There was a lot of information but also a considerable amount of venting expressed about the upcoming 100th Street Underground Pipes and Asphalt Replacement (UPAR) project on Thursday night.
City of North Battleford officials held an informational presentation at the Don Ross Centre about the work on 100th Street to happen in July and August.
Despite the bitter cold, about 15 people showed up, most of them business people directly impacted by the work happening on the street.
The $2 million project is the third phase of the downtown revitalization. The UPAR project includes pipe replacement on the 1100 block as well as work on 12th Avenue from 99th to 100th Streets.
But two contentious aspects of the proposed project – the creation of a bulb-out at the Capitol Theatre corner of 100th Street and 11th Avenue, as well as the restrictions on curb crossing access along the 1100 block – drew some resistance at the meeting.
There was concern expressed that the proposed bulb-out at the Capitol Theatre corner would cause more problems than it was worth by restricting turns at the intersection.
Others expressed outrage over the work previously done on the downtown blocks of 101st Street, which included placement of bulb-outs. One said it made for an even narrower street than before. “Somebody’s going to die there, the way that’s been designed,” he said.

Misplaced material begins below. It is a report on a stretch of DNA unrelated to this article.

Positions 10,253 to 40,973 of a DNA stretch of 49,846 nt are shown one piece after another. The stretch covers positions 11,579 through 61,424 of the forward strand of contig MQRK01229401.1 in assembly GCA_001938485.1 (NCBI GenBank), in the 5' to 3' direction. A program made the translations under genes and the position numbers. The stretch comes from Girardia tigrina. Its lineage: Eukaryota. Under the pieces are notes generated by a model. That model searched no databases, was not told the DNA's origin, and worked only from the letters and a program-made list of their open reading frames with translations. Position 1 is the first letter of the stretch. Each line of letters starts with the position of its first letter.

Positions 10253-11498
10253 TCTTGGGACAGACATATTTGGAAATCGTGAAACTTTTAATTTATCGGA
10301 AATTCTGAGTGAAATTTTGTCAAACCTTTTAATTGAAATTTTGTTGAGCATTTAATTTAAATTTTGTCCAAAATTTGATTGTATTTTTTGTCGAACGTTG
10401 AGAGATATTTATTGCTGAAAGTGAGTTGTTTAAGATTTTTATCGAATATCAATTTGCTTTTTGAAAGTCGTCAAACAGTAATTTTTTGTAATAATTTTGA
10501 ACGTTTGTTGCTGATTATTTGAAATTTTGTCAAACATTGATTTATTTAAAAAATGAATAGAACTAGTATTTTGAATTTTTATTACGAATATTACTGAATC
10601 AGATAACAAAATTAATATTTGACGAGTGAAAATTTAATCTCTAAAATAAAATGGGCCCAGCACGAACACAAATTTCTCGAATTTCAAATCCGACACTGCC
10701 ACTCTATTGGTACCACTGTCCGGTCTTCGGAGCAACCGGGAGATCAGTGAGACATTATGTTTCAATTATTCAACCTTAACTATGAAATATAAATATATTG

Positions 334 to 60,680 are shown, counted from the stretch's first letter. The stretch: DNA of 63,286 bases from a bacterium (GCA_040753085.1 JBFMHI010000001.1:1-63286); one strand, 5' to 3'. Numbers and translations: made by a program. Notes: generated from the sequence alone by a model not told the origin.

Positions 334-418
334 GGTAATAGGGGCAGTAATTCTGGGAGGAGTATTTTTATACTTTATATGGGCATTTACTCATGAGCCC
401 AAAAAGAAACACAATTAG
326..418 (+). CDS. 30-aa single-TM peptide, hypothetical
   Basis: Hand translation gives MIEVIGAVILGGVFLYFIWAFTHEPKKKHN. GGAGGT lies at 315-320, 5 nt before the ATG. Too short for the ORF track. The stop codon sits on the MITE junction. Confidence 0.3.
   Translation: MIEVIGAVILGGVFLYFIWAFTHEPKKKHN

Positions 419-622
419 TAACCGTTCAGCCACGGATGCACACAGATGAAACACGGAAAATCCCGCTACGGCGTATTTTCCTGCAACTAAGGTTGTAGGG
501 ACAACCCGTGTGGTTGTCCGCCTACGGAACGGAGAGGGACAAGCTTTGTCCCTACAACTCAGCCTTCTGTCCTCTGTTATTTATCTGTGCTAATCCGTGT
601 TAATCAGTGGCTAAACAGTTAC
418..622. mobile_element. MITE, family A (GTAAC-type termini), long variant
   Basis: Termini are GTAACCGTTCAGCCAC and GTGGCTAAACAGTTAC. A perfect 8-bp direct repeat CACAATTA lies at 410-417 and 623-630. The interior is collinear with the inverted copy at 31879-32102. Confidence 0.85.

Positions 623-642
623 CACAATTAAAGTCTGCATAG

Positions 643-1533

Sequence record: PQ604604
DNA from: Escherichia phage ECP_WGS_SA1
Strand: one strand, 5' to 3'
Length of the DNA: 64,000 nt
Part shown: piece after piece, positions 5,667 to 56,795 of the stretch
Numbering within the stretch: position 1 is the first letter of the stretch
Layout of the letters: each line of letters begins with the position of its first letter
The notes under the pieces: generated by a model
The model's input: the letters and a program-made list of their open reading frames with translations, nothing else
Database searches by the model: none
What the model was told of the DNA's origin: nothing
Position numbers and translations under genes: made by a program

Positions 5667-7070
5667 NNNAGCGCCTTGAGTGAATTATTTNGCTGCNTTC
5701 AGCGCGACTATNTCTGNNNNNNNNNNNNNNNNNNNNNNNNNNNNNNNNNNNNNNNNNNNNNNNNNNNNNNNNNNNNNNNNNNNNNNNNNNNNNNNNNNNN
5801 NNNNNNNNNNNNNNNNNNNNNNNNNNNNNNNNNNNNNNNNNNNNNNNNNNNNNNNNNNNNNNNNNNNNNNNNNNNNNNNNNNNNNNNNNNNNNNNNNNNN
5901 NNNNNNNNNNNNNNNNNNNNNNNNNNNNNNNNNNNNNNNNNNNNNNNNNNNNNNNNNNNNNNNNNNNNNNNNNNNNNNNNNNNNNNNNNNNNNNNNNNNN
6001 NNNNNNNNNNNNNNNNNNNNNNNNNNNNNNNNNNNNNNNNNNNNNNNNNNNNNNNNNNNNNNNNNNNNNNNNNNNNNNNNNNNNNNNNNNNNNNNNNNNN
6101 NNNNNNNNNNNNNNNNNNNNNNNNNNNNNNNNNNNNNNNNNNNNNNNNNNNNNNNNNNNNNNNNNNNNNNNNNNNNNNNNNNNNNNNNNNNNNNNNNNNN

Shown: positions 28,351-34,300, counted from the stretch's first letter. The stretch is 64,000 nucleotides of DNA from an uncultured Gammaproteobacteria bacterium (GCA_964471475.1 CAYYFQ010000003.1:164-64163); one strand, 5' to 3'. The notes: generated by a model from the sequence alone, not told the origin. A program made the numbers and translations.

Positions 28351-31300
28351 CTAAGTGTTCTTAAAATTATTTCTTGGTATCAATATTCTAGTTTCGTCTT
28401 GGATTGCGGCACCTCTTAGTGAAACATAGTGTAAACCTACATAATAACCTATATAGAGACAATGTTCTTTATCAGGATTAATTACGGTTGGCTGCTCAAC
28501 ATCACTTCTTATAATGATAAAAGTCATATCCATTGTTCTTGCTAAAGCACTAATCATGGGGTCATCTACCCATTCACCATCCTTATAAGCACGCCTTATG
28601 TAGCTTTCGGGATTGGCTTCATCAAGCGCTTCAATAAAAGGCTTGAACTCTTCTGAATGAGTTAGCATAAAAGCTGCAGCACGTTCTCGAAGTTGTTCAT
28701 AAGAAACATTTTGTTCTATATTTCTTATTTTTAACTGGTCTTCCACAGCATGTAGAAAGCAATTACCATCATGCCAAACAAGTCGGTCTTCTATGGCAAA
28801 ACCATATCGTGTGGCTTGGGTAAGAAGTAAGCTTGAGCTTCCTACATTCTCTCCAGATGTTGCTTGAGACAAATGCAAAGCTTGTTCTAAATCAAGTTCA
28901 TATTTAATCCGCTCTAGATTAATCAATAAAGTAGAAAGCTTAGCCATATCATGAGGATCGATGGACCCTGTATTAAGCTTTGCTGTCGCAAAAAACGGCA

“This is truck country,” noted another, expressing worry more bulb-outs would constrict trucks and force them into oncoming traffic lanes, and lead to more accidents.
But city officials in attendance – the city’s engineer, Bob Anthony, and the city’s director of planning and development, Jennifer Niesink – insisted safety was the reason behind the bulb-out placements, as well as the curb crossing restrictions.
“The city could be held liable,” Niesink said of the latter. “We have a duty to protect our citizens, and the drivers have a duty to protect other people.”
Anthony repeated what he had said previously during a meeting of city council – that the bulb-outs were meant to act as a traffic calming device and encourage motorists to slow down, and that they were looking to “strike a balance” between pedestrians and vehicles.